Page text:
Verizon and Google close to scrapping net neutrality -

Verizon is reportedly close to tying up a deal with Google, which it claims could bring an end to net neutrality, a source has told the Associated Press.

If the the deal, which has been discussed for around 10 months, goes ahead it will mean that Verizon and potentially other companies will be able to decide the order and the speed of which online content is delivered to wireless and broadband users.

According to the source, the deal will form the basis of new legislation and will be supported by the US Federal Communications Commission (FCC), which has long been it talks with major internet companies and mobile and broadband service providers on deciding the future of online media content.

The deal would work by giving some customers priority traffic. For example, according to The Guardian, YouTube, owned by Google, would pay a charge to an internet service provider (ISP) in return for its content being fast-tracked to consumers.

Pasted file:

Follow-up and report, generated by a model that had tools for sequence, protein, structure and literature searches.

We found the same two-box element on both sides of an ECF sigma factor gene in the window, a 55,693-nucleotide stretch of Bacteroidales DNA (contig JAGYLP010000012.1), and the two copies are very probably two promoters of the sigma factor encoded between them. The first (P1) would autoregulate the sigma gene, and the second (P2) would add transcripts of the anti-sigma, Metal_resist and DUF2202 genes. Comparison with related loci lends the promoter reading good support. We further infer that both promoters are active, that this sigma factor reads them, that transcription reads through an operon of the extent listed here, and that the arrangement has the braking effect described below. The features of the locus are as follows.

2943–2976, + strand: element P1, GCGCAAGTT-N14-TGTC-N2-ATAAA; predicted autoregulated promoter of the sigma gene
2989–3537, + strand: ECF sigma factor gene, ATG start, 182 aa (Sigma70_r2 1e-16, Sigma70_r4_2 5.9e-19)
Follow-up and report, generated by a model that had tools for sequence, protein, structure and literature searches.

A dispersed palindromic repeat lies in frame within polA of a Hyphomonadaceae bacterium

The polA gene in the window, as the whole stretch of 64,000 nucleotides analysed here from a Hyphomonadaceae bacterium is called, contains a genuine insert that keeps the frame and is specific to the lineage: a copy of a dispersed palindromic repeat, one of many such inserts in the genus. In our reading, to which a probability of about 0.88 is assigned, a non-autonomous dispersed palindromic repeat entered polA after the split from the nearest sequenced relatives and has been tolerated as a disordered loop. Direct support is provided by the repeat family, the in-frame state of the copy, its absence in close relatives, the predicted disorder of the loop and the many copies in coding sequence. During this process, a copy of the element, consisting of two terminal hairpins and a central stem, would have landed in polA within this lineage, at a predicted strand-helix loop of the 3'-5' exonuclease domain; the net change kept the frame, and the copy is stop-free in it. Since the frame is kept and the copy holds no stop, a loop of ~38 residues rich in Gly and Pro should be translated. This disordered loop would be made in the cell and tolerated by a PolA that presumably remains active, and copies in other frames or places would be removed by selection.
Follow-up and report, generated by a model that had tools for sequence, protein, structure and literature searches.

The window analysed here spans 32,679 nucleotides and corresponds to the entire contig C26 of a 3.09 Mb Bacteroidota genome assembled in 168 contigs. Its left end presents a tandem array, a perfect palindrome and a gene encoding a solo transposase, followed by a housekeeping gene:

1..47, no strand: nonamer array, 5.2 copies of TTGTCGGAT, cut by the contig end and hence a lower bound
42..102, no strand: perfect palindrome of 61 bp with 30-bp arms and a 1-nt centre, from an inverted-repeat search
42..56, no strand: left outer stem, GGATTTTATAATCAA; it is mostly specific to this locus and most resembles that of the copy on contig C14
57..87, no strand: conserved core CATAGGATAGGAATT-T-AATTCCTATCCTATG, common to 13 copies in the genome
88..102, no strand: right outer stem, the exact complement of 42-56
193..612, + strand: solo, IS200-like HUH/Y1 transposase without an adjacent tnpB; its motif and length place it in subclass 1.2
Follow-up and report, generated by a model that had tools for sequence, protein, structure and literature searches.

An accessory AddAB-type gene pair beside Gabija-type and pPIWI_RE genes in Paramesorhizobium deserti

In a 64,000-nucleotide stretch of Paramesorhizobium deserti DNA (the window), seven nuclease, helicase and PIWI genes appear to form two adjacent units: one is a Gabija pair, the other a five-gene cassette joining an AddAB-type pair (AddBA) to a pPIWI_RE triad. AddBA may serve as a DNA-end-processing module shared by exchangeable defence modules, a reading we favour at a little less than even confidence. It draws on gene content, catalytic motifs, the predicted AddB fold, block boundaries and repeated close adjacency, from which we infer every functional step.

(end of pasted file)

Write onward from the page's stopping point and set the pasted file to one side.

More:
The catch is, internet users would have to pay more for premium services from ISPs looking to make a profit on expensive investments in broadband networks.

Speaking at the same press conference, where he announced the closing of Google's Wave service, Eric Schmidt, Google chairman and chief executive, said: "I don't want to announce things we haven't announced yet.

 "We have been talking to Verizon for a long time about trying to get an agreement on what the definition of net neutrality is."

He said people got confused over the term "net neutrality" and wanted to makes sure that everyone understood what it meant - through the Google Gospel, of course:

"What we mean is that if you have one data type, like video, you don't discriminate against one person's video in favour of another. It's OK to discriminate across different types...There is general agreement with Verizon and Google on this issue. The issues of wireless versus wireline get very messy...and that's really an FCC issue not a Google issue."

*Update Cub tech reporter Josh Halliday at The Guardian has said that, after talking to Google, it says reports are "Quite simply wrong".